Are you kind? I often hear angry people say, “I’ll be kind if you’re kind. But when you’re mean, I’m as mean as you.” Competition it is. This is an attitude of people who wants to be understood than to understand. But I don’t want to judge anyone. Each one has his own story to tell. What I’ll be telling now is my story of kindness and how magnanimous it is.
Kindness is beautiful. I’m unsure whether it is learned or a gift given to someone at birth. I’m glad to have a fair share of it. Perhaps it’s one of my innate qualities. Or, maybe a gift that I could give to anyone who needs it. But, hey! I’m not that kind twenty-four seven. Or else, you’d be talking to a saint. I also have my qualms. Or so it seems I’ve tamed myself that much. Okay, enough about me. Let’s focus on kindness.
According to Mark Twain,
Kindness is the language which the deaf can hear and the blind can see.
Some people refuse to be kind for the reason that, like niceness, it signifies weakness. For them, it’s much better to appear unapproachable than appear kind and be abused. Abuse is another story. A kind person is never abused. He is kind because that is his quality. That is his strength. When someone considers himself as a victim, then that’s the time he is abused. One is kind because one is loving. He couldn’t be unkind because to be kind is his quality.
If kindness is a gift, it’s not given in a perfect shape. It needs to be honed and applied in actual situations. Real situations had been my school to sharpen this skill. For more than a decade I was confronted with a vengeful boss. She wasn’t that bad altogether because she could be nicer to others even on the surface. That’s quite an effort. She’d say nasty words, insults and I even feel she hates me for some reasons she alone knows. At times I feel she wants me to be some kind of a person I refused to become. Seeing that I am just what I am made her dislike me. Office politics made the situation worst.
When I started with that job I was a bit immature. I easily got hurt. So, I started to loathe that boss too. As the years passed there were no smooth seas between us. She openly displayed how much she disliked me, while I stayed in the corner licking my wounds. Until the time came that I started the self-development journey. Then and there I remained kind to her despite the reaction I got. I kept telling myself it wasn’t me for I’ve tried to do my best at work despite her criticisms. It’s her. And she’s that due to her unfulfilling personal life. Professionally, she was a success. Personally, it doesn’t appear to be. So it seems.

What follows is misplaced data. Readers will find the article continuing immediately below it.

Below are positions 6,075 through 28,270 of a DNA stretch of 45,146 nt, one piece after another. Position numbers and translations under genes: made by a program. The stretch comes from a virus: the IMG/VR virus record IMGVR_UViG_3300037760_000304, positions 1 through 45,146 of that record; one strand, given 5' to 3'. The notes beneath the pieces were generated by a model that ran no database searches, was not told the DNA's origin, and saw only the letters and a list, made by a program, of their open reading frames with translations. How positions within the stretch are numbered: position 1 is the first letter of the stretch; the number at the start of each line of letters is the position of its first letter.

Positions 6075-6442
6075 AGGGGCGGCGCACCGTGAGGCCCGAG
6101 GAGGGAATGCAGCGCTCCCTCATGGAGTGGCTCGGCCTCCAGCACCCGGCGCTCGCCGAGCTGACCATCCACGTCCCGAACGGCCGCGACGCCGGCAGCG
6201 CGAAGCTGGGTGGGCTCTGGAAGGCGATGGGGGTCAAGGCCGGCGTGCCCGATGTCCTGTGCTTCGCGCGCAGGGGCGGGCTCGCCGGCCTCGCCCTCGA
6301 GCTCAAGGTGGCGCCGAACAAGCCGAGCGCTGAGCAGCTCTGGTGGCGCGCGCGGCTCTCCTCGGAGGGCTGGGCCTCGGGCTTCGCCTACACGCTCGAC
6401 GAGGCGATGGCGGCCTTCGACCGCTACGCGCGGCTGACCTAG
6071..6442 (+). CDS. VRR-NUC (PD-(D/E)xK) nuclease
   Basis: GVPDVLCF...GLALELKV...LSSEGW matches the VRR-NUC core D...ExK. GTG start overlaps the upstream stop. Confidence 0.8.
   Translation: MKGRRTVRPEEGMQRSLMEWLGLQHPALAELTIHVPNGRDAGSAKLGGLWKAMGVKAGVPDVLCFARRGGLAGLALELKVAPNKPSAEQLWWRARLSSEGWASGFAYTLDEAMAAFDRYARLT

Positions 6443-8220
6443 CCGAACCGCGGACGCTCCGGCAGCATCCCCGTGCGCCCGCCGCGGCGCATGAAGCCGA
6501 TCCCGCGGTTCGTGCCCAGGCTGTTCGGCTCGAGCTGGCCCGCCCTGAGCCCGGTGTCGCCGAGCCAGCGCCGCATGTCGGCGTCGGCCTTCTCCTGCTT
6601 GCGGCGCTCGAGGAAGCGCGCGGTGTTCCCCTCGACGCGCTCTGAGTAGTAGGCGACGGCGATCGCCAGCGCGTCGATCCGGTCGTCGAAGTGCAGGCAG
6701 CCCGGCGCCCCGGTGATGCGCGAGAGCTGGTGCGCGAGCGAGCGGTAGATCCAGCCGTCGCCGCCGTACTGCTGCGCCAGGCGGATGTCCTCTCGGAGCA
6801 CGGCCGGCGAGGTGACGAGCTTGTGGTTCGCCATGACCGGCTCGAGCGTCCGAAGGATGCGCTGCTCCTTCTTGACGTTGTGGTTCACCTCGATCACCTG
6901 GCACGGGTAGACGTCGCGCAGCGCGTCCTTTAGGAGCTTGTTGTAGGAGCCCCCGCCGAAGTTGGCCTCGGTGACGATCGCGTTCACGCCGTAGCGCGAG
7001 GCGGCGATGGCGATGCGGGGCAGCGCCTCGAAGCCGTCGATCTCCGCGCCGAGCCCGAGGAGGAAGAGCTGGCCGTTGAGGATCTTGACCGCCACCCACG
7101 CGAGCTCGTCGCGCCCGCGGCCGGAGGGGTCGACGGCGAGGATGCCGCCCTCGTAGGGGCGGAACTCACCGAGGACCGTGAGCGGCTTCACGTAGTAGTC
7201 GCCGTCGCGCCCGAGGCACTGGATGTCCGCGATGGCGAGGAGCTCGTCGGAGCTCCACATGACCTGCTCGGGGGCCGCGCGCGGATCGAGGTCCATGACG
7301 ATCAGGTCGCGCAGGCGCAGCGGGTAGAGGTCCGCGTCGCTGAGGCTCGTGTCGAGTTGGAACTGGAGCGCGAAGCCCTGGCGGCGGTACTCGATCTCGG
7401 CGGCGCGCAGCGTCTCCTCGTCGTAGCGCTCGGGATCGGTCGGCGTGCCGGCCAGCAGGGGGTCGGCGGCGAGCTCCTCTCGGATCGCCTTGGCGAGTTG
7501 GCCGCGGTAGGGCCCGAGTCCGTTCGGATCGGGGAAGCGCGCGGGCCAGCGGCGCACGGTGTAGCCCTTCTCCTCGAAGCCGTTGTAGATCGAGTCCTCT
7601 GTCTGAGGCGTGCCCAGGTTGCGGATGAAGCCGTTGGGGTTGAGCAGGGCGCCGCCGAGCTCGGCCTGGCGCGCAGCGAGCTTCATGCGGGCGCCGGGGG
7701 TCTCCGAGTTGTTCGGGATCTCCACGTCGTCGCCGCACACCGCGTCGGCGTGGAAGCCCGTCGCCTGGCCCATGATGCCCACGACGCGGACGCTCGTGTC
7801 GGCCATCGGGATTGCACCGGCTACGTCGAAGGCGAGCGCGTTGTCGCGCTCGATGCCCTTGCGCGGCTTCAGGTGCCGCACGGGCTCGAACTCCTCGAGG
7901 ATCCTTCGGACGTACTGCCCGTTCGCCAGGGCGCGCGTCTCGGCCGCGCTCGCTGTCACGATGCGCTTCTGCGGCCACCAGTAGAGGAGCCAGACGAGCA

Some of the employees wasn’t that genuinely kind to her. They deal with her nicely on the surface yet scorn her at her back. It’s a common reaction everywhere, whether in the workplace or not. It’s a domino effect, one that follows the saying to don’t do unto others what you don’t want others to do unto you.
So the situation goes on and on. She seems to be confident showing me that nasty side of her being aware that I couldn’t be unkind in return. Until the time came that I decided to quit. I quit not because she hates me. I quit because I know I owe it to myself.
There were no sentimental reactions when my resignation letter was read. I thanked her on my last day of work but never got a response. Someone advised me to indirectly pour out all my feelings about her in social media. But I refused to. That seemed easy to do since most people do it. I refused the temptation. Surely, I posted something on my wall about my resignation on a more objective and deeper level. A post that neither hurt anyone nor showed me as a victim.
Two months passed, I received the good news that I was to receive an amount from the company, as a recognition for the length of service that I’ve rendered. That was small but huge for me. I sent a message to my former boss thanking her for her generosity. The kindness paid off. She replied to me and wished me a happy Lenten celebration. Three short sentences but meant the world to me. A stone seemed to be lifted off from my heart. I was on cloud nine. At last, things ended well for the both of us.
Whether her words were genuine or not, the fact that she said it made it all worth to be grateful for.
Now let me leave these words with you: Treat others kindly not because that’s how you want to be treated. Treat others kindly, because they need to be reminded that kindness resides in their hearts too.